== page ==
I did not expect to be so smitten by the food culture in Rome. I know, seriously, how was that possible? How many cookbooks on Italian cooking can be found in an average bookshop? How many cooking shows are out there? Well, I do have an excuse here – I hardly ever watch tv. But the true reason is different, and so prosaic…that is downright silly. Years ago, I worked in an American-Italian cafe as a cook. Menu was very limited, and while the wood oven pizza, which I had nothing to do with, was great, the pasta with alfredo sauce or shrimp scampi must have turned my taste buds off. I could not understand how anyone would gobble down so much pasta with plain cream, and keep coming back for more. If this was Italian cooking, I was not buying into it.
When I found myself in Rome this June for Bay and Orellana food photography and styling retreat, I headed for the familiar ingredients, to taste the waters. Pasta with porcini mushrooms? Bring it on, I have never heard of anyone ever ruining anything by adding porcinis, after all. Follow along for a feast of color, taste, and simple elegance. Rome, as I see it…
Stop 1: Cafe alfresco dining
Stop 2: Dessert hour at the Apartment
Stop 3: Alfresco lunch in the country
Rome has been a complicated destination for me, for years. The complicated kind of love…I remember days when I was in high school and one summer my brother and I tried to convince my parents to drive to Italy from our southern Poland home. We took the map, drew somewhat straight line, taking the Alps thankfully into account, and pleaded with all our might to head south. The car, a Polish Fiat, would probably survive the trip, my parents’ pockets, not so much. It was the old Eastern block days, when no one could travel outside of Eastern block, unless proved a significant amount of funds in dollars (!) available for each day. So… we went to Hungary instead, which I consider just as delightful to this day. But Italy…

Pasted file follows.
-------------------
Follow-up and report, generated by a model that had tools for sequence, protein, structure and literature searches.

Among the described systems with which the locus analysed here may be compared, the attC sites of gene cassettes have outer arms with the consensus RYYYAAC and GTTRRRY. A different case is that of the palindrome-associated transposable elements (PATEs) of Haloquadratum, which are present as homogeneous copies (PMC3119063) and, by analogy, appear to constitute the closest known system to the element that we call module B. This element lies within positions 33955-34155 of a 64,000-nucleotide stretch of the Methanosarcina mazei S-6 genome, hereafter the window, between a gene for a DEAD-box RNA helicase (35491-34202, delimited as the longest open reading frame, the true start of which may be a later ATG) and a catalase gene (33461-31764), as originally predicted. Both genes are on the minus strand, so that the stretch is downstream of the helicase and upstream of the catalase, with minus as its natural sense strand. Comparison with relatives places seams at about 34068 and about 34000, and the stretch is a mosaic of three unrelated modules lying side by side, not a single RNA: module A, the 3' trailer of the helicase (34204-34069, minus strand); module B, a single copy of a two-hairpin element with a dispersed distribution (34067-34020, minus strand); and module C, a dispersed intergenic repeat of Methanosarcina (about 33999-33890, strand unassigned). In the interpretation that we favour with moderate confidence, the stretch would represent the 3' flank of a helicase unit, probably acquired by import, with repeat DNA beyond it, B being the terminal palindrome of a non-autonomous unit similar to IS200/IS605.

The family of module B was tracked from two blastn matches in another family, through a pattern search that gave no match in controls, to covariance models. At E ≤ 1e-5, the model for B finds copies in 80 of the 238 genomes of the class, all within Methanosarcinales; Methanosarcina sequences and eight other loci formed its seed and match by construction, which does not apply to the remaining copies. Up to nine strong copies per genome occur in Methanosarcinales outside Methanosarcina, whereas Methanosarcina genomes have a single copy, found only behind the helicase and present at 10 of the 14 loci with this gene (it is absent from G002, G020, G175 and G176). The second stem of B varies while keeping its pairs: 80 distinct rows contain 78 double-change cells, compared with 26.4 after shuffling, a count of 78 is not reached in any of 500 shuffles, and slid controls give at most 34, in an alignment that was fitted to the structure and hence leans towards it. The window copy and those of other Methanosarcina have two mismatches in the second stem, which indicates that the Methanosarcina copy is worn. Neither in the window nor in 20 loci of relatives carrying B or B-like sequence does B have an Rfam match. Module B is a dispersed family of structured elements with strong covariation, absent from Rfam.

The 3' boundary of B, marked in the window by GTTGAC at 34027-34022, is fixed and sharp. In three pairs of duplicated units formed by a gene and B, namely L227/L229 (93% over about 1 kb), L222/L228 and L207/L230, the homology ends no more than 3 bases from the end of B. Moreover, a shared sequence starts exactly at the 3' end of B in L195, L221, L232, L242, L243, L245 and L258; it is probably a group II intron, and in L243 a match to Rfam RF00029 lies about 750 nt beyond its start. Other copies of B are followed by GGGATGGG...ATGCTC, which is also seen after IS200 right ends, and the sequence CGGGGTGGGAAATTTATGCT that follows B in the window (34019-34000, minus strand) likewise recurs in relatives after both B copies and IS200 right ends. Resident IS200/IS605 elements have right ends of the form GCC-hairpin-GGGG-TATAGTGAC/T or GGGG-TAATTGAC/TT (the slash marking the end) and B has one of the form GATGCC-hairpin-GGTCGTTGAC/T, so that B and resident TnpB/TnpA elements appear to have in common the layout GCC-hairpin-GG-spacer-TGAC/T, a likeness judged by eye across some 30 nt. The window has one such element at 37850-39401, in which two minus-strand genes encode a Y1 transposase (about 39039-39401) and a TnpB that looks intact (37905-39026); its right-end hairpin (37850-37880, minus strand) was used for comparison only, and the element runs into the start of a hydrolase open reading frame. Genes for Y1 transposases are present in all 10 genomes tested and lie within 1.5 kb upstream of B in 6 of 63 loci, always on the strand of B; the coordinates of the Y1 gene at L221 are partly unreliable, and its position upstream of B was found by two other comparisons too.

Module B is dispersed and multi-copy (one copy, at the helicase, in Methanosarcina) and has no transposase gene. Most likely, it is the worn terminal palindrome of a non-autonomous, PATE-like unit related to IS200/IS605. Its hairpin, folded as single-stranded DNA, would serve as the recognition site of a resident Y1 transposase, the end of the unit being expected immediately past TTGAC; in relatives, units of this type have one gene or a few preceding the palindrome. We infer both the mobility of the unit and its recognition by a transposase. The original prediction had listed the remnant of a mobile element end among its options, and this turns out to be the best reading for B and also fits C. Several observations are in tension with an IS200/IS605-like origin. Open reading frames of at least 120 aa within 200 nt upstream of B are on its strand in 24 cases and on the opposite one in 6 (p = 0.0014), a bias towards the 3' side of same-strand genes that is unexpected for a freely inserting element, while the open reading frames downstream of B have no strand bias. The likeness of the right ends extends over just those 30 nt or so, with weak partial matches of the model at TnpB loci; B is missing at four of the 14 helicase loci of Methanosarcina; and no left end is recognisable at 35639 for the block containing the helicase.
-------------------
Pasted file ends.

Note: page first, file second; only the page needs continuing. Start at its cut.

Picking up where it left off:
Fast forward to my university days in Krakow and the first year exams in law school: the dreaded Roman Law. Widely regarded as the natural thinning process for first year students. I did pass, the second time around, but something wilted in me, I did not want to hear anything vaguely Roman…I mocked the innocent travelers to Italy mercilessly, despite having evidence to the contrary from my own brother and sister-in-law! Let’s just say, the ‘dolce vita’ was not doing it for me. Until this June. Sometime mid spring I saw photos from Sif Orellana’s and Signe Bay’s photography retreat which they held in Rome and I nearly wept. Soooo much beauty. So here I was, wide awake at 4 in the morning, signing up for their second retreat in June called “A Roman summer feast“. Stay tuned for food styling and photography storytelling post, but now let’s explore Trastevere, Rome. Off the beaten path, of course.
I adored Trastevere, from the moment I arrived. The trolleys, just like in Krakow, down to number 8, which goes along Viale di Trastevere. The piazzas, the churches, the flea markets…I chose to arrive early before my retreat and I stayed at the Villa della Fonte, just around the corner from Piazza di Santa Maria. Windows open, I soaked up the sounds of simple life celebrations.